If the received broadcast is an FM stereo broadcast, then the demodulated signal includes a baseband stereo sum channel, a 19 kHz pilot signal, and stereo difference channels modulated on a suppressed 38 kHz subcarrier. These are all input to stereo decoder 22 which generates left and right stereo signals which are coupled through a mute circuit 23 to amplifiers 24 and 25 and speakers 26 and 27.

Receiver 10 further includes a multipath detector/minimizer 30 for sensing the onset of multipath distortion. Multipath conditions are detectable based on the IF signal and/or the demodulated FM signal, as shown. However, a preferred technique based on comparing the stereo pilot signal from the FM demodulator with a regenerated pilot signal from the stereo decoder will be described below with reference to FIGS. 6-11. In the preferred embodiment, multipath detector/minimizer 30 receives input signals only from FM demodulator 21 and stereo decoder 22.

Minimizer 30 is connected to power switch 15 so as to remove power from RF mixer 17 during a multipath event. When power switch 15 is opened, the RF mixer output is quickly disabled and the phase distortion accompanying the multipath event is stopped at the mixer output. In a preferred embodiment, the length of time that the mixer is disabled is determined by the severity of the multipath event, e.g., the magnitude of the phase shift in the multipath event. The time during which the RF mixer is disabled must have a duration less than about 5 milliseconds to avoid audible distortion.

Minimizer 30 is also connected to stereo decoder 22 for controlling the time constant of the stereo decoder phase-locked loop. In the absence of multipath, the time constant of the phase-locked loop has a conventional value allowing the phase-locked loop to maintain lock on the stereo pilot signal. Upon the occurrence of multipath, the time constant is lengthened to maintain a stable (i.e. latched) output in the phase-locked loop. With the PLL latched, the regenerated pilot signal used in the stereo decoder maintains a fixed phase and frequency and is substantially unaffected by the multipath-induced impulse phase shift of the stereo pilot signal. Preferably, the phase-locked loop is latched during the same time period when the RF mixer is disabled. If the multipath event has ended by the time that the phase-locked loop is unlatched, then the phase-locked loop output should be substantially in phase with the multipath-free stereo pilot signal and the phase-locked loop will maintain lock. Thus, abrupt changes in the phase-locked loop output signal, which would cause the undesirable rasping sound heard at the speaker output, are avoided.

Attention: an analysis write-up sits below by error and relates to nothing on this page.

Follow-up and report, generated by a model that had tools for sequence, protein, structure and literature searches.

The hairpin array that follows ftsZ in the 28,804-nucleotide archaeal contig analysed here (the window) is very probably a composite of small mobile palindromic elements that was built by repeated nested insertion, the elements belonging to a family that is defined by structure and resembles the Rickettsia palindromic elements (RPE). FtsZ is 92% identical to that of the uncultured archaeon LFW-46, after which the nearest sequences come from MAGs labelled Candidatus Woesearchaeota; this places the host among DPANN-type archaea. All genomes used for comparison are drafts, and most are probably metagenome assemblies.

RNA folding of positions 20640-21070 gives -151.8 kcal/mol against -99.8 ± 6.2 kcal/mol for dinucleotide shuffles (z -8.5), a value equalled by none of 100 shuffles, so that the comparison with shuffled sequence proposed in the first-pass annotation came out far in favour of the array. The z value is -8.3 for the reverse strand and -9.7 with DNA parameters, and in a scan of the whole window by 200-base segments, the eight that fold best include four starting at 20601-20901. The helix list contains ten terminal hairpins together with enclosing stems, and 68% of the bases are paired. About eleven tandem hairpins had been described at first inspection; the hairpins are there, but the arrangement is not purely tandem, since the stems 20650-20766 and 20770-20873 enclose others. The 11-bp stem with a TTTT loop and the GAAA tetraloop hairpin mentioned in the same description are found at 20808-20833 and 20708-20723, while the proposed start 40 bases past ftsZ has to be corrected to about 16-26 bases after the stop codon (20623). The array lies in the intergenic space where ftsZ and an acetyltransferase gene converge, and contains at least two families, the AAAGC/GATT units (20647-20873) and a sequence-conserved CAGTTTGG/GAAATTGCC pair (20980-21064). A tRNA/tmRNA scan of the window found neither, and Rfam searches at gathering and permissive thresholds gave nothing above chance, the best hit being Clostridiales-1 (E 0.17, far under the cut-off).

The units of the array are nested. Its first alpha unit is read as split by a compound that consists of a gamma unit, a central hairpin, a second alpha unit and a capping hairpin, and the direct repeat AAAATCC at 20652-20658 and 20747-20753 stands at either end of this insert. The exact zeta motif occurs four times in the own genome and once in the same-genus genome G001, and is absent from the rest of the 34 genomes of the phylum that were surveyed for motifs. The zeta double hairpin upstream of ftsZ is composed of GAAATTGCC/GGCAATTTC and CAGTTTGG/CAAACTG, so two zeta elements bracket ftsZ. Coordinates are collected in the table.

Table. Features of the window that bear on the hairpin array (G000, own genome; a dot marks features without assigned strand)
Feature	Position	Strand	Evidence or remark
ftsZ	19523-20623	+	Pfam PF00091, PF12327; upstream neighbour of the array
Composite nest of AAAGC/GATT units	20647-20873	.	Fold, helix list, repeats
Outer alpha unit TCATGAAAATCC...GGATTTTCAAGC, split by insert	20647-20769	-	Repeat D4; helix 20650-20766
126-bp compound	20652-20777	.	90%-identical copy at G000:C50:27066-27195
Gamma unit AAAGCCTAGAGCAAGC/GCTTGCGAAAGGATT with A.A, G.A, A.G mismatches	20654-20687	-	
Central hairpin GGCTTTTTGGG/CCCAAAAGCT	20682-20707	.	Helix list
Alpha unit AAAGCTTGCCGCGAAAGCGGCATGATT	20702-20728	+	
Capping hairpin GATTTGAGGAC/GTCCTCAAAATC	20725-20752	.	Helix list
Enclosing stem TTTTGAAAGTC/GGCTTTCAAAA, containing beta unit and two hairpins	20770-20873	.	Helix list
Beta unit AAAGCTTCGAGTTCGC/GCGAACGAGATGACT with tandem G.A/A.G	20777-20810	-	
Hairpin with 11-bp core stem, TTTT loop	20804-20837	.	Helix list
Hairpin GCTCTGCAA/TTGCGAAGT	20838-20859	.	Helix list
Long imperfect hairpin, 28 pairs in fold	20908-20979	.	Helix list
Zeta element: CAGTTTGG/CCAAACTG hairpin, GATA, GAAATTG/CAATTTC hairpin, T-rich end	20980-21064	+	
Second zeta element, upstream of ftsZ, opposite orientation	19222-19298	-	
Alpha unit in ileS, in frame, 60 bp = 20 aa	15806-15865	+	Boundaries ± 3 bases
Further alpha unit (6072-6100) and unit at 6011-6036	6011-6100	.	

Minimizer 30 may be further coupled to a mute circuit 23 to provide audio blanking during the multipath disturbance. Power switch 15, stereo decoder 22, and mute circuit 23 are preferably all controlled by a single Multipath Detect Signal from minimizer 30.

FIG. 2 illustrates the lengthening of a multipath disturbance in a prior art receiver. Curves A-E in FIG. 2 show the magnitude of the phase disturbance at points A-E of FIG. 1 which would occur without minimizer 30. An impulse phase shift in the stereo pilot signal occurs at point A (the input to the RF mixer). Curves B, C, D and E show the increased duration of the phase disturbance at points B, C, D, and E of FIG. 1 which would occur in a prior art receiver.

FIG. 3 illustrates a phase-locked loop (PLL) 31 contained in stereo decoder 22 to provide a regenerated pilot for purposes of demodulating the stereo difference channel. Use of a regenerated pilot signal is conventional in stereo decoders. The received 19 kHz stereo pilot signal is provided to a phase detector 32. The output of phase detector 32 is connected to a loop filter 33 having its output connected to the input of a voltage controlled oscillator (VCO) 34. The output of VCO 34 comprises a 38 kHz regenerated pilot signal used to demodulate the stereo difference channel. The regenerated pilot signal is also connected back to a second input of phase detector 32 through a divide-by-2 circuit 40. The output of divide-by-2 circuit 40 is a 19 kHz signal that is in quadrature (i.e., phase shifted by 90) with respect to the stereo pilot signal.

Loop filter 33 is specially adapted to provide a switchable time constant for purposes of latching PLL 31 at a long time constant in response to the Multipath Detect Signal. Thus, a field-effect transistor (FET) 35 has its gate connected to receive the Multipath Detect Signal from minimizer 30. The source and drain of FET 35 are connected to respective ends of a resistor 36. The parallel combination of FET 35 and resistor 36 is connected in series with a resistor 37 between the output of phase detector 32 and the input of an operational amplifier (op amp) 38. A capacitor 39 is connected between the input and output of op amp 38. The output of op amp 38 is connected to the input of VCO 34.

The Multipath Detect Signal employs negative logic signals so that FET 35 is rendered conductive in the absence of multipath and resistor 36 does not affect the time-constant. Loop filter 33 acts as a proportional-integral controller providing a time constant determined by resistor 37 and capacitor 39 as is conventional in the art. In the presence of multipath, however, FET 35 is rendered nonconductive thereby adding the resistance of resistor 36 to the time constant circuit. Resistor 36 has a high resistance and causes the phase-locked loop to be latched with a long time constant so that the regenerated pilot is temporarily fixed in phase and frequency.